Experiential Learning: Practicing What We Teach

By Martin A. Cordello, Master’s Candidate, TRDV 499

My first experience with university-level education was here at Roosevelt. I enrolled in the undergraduate Organizational Leadership (OLED) program at the ripe old age of 49. Sure, I had several certifications, more than 20 years of management/leadership experience, many years as an adult learner, and passion for life-long learning. As a working professional in a management/leadership role, it was challenging for me to be treated as student.

In my professional capacity, I was the leader; as an adult student I had to become a follower. Again, this was a challenge. However, as part of this guest blogger assignment, I read a thought-provoking guest blog by a previous candidate. She wrote about adult learning and how it is not just a theory but it has to be a reality. We had several things in common; scared, somewhat out of place in classrooms with much younger students/teachers, viewing situations differently and arriving at conclusions in not only a different manner but a different conclusion.

During the course of my studies in TRDV, I learned that there are differences in being able to espouse theories and developing the capability to put a theory into practice. This is what leads me to my preferred theory, Experiential Learning.  For me, it was and always will be about learning and teaching practical application, implementation, and execution. This is where I believe Experiential Learning has the lead.

The basis for Experiential Learning was founded on John Dewey’s and Kurt Lewin’s positions that experience plays a fundamental role in learning and development (KOLB & KOLB, 2005, p. 194). Carl Rogers and Jean Piaget are other well-known names in Experiential Learning. These experts and others believe that there are six key propositions in this theory: 1) “Learning is best conceived as a process, not in terms of outcomes,” 2) “All learning is relearning,” 3) “Learning requires the resolution of conflicts between dialectically opposed modes of adaptation to the world,” 4) “Learning is a holistic process of adaptation to the world,” 5) “Learning results from synergetic transactions between the person and the environment,” 6) “Learning is the process of creating knowledge”  (KOLB & KOLB, 2005, p. 194).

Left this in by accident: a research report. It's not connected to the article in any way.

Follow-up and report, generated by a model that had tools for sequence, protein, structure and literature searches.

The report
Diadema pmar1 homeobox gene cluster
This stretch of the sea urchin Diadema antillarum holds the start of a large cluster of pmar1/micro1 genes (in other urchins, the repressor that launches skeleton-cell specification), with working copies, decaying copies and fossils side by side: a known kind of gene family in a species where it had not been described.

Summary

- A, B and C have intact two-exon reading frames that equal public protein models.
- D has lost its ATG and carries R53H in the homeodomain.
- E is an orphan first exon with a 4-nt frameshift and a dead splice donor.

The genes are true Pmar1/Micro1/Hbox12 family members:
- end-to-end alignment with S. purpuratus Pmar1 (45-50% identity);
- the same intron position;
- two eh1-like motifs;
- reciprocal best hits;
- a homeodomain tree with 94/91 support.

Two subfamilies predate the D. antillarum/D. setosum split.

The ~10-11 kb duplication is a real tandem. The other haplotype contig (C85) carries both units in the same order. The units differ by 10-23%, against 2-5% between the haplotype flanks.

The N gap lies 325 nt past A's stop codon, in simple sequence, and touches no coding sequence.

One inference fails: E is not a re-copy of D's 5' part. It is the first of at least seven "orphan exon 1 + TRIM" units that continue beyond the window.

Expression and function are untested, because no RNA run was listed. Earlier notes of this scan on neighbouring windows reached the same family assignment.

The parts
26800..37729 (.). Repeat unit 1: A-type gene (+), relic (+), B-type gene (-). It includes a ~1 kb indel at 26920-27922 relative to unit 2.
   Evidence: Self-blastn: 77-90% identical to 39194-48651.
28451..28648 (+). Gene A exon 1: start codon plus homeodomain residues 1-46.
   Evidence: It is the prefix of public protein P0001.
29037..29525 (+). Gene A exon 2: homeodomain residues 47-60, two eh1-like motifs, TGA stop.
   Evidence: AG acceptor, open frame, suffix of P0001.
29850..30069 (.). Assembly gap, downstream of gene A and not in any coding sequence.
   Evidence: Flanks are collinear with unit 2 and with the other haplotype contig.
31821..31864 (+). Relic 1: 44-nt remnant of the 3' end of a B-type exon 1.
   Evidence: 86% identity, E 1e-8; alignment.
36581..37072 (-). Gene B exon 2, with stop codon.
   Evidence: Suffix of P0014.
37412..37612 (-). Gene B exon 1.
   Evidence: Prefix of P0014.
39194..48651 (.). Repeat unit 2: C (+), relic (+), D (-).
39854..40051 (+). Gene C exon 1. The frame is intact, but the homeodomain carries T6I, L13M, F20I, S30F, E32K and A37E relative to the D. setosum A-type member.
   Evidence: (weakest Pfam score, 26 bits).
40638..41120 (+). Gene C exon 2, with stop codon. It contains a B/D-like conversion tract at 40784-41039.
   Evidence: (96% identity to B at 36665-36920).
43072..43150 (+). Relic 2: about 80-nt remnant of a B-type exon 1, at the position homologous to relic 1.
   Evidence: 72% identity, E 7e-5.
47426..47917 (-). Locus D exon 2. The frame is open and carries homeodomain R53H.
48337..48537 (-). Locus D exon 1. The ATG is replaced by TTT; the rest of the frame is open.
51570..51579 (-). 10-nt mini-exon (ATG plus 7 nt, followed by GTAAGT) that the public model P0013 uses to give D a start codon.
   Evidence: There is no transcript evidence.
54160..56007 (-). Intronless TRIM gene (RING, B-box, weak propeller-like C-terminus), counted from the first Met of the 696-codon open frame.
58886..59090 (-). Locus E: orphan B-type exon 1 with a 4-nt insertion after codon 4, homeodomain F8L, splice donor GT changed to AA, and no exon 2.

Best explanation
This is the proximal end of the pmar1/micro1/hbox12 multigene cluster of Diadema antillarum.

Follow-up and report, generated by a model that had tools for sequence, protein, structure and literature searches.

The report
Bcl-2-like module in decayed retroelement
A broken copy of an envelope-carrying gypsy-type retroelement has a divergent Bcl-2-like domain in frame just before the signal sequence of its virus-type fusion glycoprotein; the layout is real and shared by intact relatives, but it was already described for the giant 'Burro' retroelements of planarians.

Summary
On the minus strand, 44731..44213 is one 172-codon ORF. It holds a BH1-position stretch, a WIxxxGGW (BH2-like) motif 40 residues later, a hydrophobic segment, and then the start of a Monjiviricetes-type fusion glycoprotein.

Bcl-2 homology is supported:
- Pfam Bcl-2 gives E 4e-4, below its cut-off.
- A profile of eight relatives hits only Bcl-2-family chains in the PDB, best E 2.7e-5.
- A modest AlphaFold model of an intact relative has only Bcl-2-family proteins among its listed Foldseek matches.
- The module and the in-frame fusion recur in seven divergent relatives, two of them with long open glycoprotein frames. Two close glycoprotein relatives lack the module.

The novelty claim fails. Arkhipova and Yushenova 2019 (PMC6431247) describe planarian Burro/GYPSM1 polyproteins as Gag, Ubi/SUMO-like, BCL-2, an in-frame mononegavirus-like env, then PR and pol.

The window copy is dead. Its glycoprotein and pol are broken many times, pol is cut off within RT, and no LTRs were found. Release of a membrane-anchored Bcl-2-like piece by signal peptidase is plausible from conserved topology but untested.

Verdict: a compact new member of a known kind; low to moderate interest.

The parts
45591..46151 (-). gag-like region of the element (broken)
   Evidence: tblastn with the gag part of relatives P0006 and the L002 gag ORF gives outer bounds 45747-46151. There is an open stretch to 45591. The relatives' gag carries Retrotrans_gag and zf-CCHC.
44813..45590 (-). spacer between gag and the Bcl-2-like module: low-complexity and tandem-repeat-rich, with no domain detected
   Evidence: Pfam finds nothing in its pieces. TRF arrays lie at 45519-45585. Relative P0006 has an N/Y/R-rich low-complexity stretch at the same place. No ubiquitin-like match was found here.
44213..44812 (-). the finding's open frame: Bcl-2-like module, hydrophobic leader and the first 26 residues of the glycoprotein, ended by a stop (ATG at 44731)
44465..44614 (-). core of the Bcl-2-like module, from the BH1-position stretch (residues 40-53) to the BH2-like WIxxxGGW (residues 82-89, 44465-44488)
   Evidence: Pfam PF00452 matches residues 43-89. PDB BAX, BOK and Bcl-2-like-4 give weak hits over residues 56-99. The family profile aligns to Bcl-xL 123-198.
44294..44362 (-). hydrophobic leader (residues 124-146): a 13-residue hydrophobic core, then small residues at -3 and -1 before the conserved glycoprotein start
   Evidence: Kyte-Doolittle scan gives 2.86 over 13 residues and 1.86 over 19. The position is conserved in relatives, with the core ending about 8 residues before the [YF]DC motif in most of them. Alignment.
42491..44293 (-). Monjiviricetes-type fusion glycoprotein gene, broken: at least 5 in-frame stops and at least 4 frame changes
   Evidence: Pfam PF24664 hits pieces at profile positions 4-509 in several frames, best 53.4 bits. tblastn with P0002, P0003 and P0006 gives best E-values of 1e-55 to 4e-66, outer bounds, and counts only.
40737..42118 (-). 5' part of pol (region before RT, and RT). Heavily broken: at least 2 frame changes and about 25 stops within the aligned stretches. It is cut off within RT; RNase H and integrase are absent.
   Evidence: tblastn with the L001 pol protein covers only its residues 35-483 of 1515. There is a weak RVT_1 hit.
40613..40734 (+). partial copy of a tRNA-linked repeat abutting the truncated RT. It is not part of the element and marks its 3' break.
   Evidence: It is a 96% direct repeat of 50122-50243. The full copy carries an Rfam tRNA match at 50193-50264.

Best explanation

With these six propositions in mind, we should always consider adult and experiential learning when developing, designing, and delivering training. As we become the next experts in the TRDV field, we need to practice what we teach.

 

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About Vince Cyboran

Professor in the graduate program in Training and Development of Roosevelt University.
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2 Responses to Experiential Learning: Practicing What We Teach

  1. Helen says:

    I was in the same boat as you, Marty – returning to school as a “seasoned” learner. I found that in many of my classes I was able to use my experiences to relate to the material that I was learning. I feel that it made some of what I learn stick much more than areas that I didn’t have any experience in. Anything familiar and relatable is the best way to foster retention.

  2. markasteiner says:

    Nice job, Martin …

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